I don’t have to live like this for I have a large house with multiple bedrooms and 3 kitchens and a few bathrooms etc, my being here is a choice. It’s peace, serenity, and nature as it’s finest.
    My mom, brother, sister, my children and my grandchildren all love it here and once here they don’t want to leave.
    The problem I deal with was people “judged me” for being “green” way before it was fashionable.

  10. val Says:

    Its now almost about 36 hours with no heat. The burner techs just left, we need a new pump since the rise of the line to the ceiling across the cellar and to the burner seems to have burned out the pump. My husband made a valiant attempt before we called for service this morning.
    He replaced main oil filter, gasket and seals
    bled the air from filter housing
    removed and cleaned the filter screen in the pump housing.
    cleaned outer nozzle and firing electrodes
    blew compressed air through fuel line from filter housing to shut-off valve at fuel pump.
    The house is at 56 and a bit cold but manageable. The temperature in Danvers MA outside is 34.
    We where snug in bed all night, in fact I had too many covers and had to remove the down comforter.
    Yes, you can survive in a cold house. This is the first time that we have had no heat and I’m not freaking out. Good thing since we bought that old farmhouse in Maine and will be living there in the next few years. Now that’s a Cold House!

  11. Debra Says:

    very cool, val….would like to hear more about your Maine house….

  12. icerabbit Says:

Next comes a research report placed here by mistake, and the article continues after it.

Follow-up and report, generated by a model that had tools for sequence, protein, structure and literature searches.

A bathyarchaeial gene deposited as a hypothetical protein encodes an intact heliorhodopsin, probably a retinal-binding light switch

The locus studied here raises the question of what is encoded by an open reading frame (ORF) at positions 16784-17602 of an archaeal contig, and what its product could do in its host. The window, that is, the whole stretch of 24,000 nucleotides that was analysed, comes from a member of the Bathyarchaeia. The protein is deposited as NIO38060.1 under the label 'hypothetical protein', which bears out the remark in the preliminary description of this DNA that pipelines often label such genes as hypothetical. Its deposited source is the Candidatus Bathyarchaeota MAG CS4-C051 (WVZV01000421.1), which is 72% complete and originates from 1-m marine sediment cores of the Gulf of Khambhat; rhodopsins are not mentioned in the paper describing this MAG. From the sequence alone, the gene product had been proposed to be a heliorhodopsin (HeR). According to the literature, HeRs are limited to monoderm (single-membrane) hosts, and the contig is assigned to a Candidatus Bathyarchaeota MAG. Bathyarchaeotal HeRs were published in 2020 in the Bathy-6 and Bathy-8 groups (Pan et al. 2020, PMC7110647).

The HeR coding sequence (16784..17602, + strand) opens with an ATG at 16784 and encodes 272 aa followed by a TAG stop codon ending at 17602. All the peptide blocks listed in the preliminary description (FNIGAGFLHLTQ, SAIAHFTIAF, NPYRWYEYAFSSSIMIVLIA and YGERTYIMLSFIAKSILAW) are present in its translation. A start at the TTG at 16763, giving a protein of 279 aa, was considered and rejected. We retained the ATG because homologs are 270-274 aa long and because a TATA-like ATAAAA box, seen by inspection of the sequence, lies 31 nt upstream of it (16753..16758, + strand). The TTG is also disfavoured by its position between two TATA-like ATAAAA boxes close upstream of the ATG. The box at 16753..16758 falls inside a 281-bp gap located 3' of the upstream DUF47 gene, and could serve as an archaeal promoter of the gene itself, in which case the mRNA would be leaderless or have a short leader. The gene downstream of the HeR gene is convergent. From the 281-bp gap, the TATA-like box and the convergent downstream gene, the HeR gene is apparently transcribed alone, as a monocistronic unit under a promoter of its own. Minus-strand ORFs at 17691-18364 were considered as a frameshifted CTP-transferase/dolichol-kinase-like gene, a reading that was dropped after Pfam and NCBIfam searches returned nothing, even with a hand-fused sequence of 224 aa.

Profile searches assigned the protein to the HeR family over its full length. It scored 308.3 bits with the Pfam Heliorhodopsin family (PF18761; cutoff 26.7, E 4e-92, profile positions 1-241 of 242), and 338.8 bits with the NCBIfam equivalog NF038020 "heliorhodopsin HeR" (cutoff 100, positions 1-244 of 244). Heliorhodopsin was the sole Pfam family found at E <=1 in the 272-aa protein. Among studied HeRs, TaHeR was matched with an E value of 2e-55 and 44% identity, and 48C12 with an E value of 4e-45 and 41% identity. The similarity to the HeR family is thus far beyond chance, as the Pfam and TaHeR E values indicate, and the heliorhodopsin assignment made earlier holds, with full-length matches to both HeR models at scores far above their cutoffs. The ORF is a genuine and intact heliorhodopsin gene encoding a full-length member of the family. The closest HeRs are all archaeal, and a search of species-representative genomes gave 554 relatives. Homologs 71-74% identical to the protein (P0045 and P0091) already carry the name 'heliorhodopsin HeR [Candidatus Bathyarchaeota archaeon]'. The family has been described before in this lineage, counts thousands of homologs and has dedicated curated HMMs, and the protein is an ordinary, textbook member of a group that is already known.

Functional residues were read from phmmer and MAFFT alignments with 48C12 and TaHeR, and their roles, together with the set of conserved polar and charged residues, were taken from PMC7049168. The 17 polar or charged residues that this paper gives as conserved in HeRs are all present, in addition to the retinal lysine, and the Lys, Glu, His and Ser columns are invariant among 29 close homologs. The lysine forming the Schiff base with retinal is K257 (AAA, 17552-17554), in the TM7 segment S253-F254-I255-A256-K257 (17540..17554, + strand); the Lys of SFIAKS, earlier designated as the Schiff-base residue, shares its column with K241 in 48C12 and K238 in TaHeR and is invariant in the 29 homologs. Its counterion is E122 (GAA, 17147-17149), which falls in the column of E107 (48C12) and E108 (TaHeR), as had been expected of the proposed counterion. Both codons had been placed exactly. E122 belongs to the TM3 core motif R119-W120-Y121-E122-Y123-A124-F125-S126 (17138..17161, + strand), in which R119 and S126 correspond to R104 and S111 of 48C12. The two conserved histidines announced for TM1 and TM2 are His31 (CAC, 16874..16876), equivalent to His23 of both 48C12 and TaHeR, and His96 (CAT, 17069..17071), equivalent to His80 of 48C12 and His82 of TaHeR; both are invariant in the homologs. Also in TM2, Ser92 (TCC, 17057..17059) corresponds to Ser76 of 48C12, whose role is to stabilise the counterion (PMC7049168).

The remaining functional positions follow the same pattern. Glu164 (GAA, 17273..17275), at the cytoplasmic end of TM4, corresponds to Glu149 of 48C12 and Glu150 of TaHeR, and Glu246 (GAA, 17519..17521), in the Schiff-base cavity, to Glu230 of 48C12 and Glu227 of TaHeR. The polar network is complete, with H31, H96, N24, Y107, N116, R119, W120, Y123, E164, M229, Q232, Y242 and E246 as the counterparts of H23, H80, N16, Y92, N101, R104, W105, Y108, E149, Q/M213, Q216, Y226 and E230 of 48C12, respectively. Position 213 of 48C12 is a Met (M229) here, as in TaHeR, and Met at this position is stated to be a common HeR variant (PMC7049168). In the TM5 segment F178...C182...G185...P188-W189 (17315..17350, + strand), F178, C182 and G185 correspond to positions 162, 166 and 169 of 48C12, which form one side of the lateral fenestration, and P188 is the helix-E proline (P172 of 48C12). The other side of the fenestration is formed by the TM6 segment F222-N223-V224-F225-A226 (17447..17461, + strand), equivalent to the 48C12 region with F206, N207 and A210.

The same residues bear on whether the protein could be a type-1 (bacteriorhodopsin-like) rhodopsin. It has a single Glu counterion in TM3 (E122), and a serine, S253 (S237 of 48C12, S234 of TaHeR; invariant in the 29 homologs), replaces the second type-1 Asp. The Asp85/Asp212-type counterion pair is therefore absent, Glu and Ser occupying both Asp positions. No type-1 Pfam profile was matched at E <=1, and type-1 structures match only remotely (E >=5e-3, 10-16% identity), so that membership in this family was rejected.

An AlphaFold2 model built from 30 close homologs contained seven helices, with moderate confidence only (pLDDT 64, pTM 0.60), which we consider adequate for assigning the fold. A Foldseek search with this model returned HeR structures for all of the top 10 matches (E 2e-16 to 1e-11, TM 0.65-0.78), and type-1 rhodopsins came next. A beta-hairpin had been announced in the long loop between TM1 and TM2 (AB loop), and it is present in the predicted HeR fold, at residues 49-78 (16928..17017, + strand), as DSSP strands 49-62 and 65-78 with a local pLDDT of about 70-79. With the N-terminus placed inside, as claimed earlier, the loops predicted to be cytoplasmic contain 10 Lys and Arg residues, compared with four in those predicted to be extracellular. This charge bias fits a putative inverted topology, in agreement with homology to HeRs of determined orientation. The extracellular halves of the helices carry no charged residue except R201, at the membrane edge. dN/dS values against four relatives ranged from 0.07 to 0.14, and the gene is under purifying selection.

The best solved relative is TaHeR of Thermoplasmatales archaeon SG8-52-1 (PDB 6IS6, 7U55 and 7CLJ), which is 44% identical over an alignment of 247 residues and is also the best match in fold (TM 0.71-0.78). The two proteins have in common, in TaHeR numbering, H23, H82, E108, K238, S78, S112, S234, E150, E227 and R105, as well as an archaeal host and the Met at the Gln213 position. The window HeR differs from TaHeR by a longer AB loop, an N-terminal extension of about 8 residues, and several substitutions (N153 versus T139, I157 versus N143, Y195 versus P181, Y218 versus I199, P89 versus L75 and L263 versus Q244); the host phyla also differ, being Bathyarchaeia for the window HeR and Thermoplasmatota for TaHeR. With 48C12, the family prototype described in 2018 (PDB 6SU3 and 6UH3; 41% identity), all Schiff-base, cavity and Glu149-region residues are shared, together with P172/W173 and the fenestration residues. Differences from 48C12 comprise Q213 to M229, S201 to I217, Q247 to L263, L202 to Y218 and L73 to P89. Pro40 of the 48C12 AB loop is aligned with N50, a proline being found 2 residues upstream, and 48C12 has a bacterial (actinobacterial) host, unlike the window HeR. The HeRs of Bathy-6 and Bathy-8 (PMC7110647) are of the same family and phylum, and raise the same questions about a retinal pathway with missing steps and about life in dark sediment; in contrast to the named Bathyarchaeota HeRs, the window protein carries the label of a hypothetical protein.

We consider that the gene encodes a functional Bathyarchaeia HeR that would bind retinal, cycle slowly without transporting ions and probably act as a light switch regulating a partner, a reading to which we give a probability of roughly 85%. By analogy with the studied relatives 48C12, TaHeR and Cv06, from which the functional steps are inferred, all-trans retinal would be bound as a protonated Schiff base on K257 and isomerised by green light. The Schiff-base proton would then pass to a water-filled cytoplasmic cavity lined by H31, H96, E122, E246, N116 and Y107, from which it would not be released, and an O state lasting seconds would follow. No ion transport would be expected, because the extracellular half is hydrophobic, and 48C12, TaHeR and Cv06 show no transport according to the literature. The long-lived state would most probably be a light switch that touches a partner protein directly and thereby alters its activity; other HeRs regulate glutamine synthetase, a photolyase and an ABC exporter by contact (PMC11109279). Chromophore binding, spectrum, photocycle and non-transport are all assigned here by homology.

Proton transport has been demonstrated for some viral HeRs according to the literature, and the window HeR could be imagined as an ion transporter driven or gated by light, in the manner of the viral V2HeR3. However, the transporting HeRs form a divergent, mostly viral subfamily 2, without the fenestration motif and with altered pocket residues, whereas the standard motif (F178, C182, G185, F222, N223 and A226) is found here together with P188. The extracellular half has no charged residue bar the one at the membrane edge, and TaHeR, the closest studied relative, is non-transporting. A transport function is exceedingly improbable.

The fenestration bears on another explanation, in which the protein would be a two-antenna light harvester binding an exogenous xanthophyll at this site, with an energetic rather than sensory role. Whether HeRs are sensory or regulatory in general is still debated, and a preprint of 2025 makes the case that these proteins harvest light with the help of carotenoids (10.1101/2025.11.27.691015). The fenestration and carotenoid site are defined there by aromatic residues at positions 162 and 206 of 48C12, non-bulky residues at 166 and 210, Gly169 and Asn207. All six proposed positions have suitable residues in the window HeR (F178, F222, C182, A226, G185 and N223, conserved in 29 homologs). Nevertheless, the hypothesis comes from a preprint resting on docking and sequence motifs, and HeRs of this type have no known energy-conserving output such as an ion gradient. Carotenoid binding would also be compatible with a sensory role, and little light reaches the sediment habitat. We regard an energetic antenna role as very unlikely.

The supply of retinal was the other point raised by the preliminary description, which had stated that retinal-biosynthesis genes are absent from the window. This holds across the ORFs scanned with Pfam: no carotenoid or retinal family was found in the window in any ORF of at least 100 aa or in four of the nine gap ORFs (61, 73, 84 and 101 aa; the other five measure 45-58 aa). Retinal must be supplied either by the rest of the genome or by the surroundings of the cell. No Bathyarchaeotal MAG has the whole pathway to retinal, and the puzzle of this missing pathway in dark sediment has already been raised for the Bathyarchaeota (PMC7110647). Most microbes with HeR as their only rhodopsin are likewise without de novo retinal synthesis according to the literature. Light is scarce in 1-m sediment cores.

Great blog!

    People born and raised in southern regions rarely are cold tolerant, unless they are transplants. Used to Maine winters I’ll walk around in shorts and long sleeve t-shirt in Jan-Feb in Florida, while Floridians wear a sweater and a coat. They think it is a cold winter, I think, hey it’s spring!

    I have been told by the oil company the average house / household in Maine uses 800 gallons of heating oil and heard elsewhere that 800-1000 gallons is most common. When we bought our 100 year old house, in its first year, before much of any improvements iirc, we cut the known oil consumption in half, well below the average.

    It comes naturally to us to conserve, but unfortunately not everybody is wired that way. I know a few people who, in conversation about winter, complained about not being unable to keep their house heated and/or faced a giant oil bill. Well, one didn’t not close their basement window, another had a couple storm windows they never closed, some don’t wear a sweater in the house and keep the thermostat on 70F … in a 100 year old house that likely doesn’t have much insulation if any … it is all going out the wall and window. So, it is sad that people who could easily improve their consumption, forget to take a few extra moments at the onset of winter to close up their house and don’t realize they could save a lot of money by turning the thermostat down a few degrees without being uncomfortable.